Sale of Personal Information

Pearson does not rent or sell personal information in exchange for any payment of money.

While Pearson does not sell personal information, as defined in Nevada law, Nevada residents may email a request for no sale of their personal information to NevadaDesignatedRequest@pearson.com.

Supplemental Privacy Statement for California Residents

California residents should read our Supplemental privacy statement for California residents in conjunction with this Privacy Notice. The Supplemental privacy statement for California residents explains Pearson's commitment to comply with California law and applies to personal information of California residents collected in connection with this site and the Services.

Sharing and Disclosure

Pearson may disclose personal information, as follows:

  • As required by law.
  • With the consent of the individual (or their parent, if the individual is a minor)
  • In response to a subpoena, court order or legal process, to the extent permitted or required by law
  • To protect the security and safety of individuals, data, assets and systems, consistent with applicable law
  • In connection the sale, joint venture or other transfer of some or all of its company or assets, subject to the provisions of this Privacy Notice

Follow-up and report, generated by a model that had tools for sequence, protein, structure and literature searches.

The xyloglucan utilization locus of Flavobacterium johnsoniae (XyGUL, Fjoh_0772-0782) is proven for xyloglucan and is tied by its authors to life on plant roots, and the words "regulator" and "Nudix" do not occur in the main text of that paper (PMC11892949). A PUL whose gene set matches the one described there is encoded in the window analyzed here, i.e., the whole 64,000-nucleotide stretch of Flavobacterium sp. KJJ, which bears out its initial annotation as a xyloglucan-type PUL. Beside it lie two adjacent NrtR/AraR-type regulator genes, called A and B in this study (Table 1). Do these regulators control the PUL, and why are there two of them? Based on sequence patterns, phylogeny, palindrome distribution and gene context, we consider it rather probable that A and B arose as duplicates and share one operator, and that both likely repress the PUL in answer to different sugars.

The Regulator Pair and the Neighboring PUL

• To investigate or address actual or suspected fraud or other illegal activities
  • To exercise its legal rights, including enforcement of the Terms of Use for this site or another contract
  • To affiliated Pearson companies and other companies and organizations who perform work for Pearson and are obligated to protect the privacy of personal information consistent with this Privacy Notice
  • To a school, organization, company or government agency, where Pearson collects or processes the personal information in a school setting or on behalf of such organization, company or government agency.


This web site contains links to other sites. Please be aware that we are not responsible for the privacy practices of such other sites. We encourage our users to be aware when they leave our site and to read the privacy statements of each and every web site that collects Personal Information. This privacy statement applies solely to information collected by this web site.

Requests and Contact

Please contact us about this Privacy Notice or if you have any requests or questions relating to the privacy of your personal information.

Changes to this Privacy Notice

We may revise this Privacy Notice through an updated posting. We will identify the effective date of the revision in the posting. Often, updates are made to provide greater clarity or to comply with changes in regulatory requirements. If the updates involve material changes to the collection, protection, use or disclosure of Personal Information, Pearson will provide notice of the change through a conspicuous notice on this site or other appropriate way. Continued use of the site after the effective date of a posted revision evidences acceptance. Please contact us if you have questions or concerns about the Privacy Notice or any objection to any revisions.

Last Update: November 17, 2020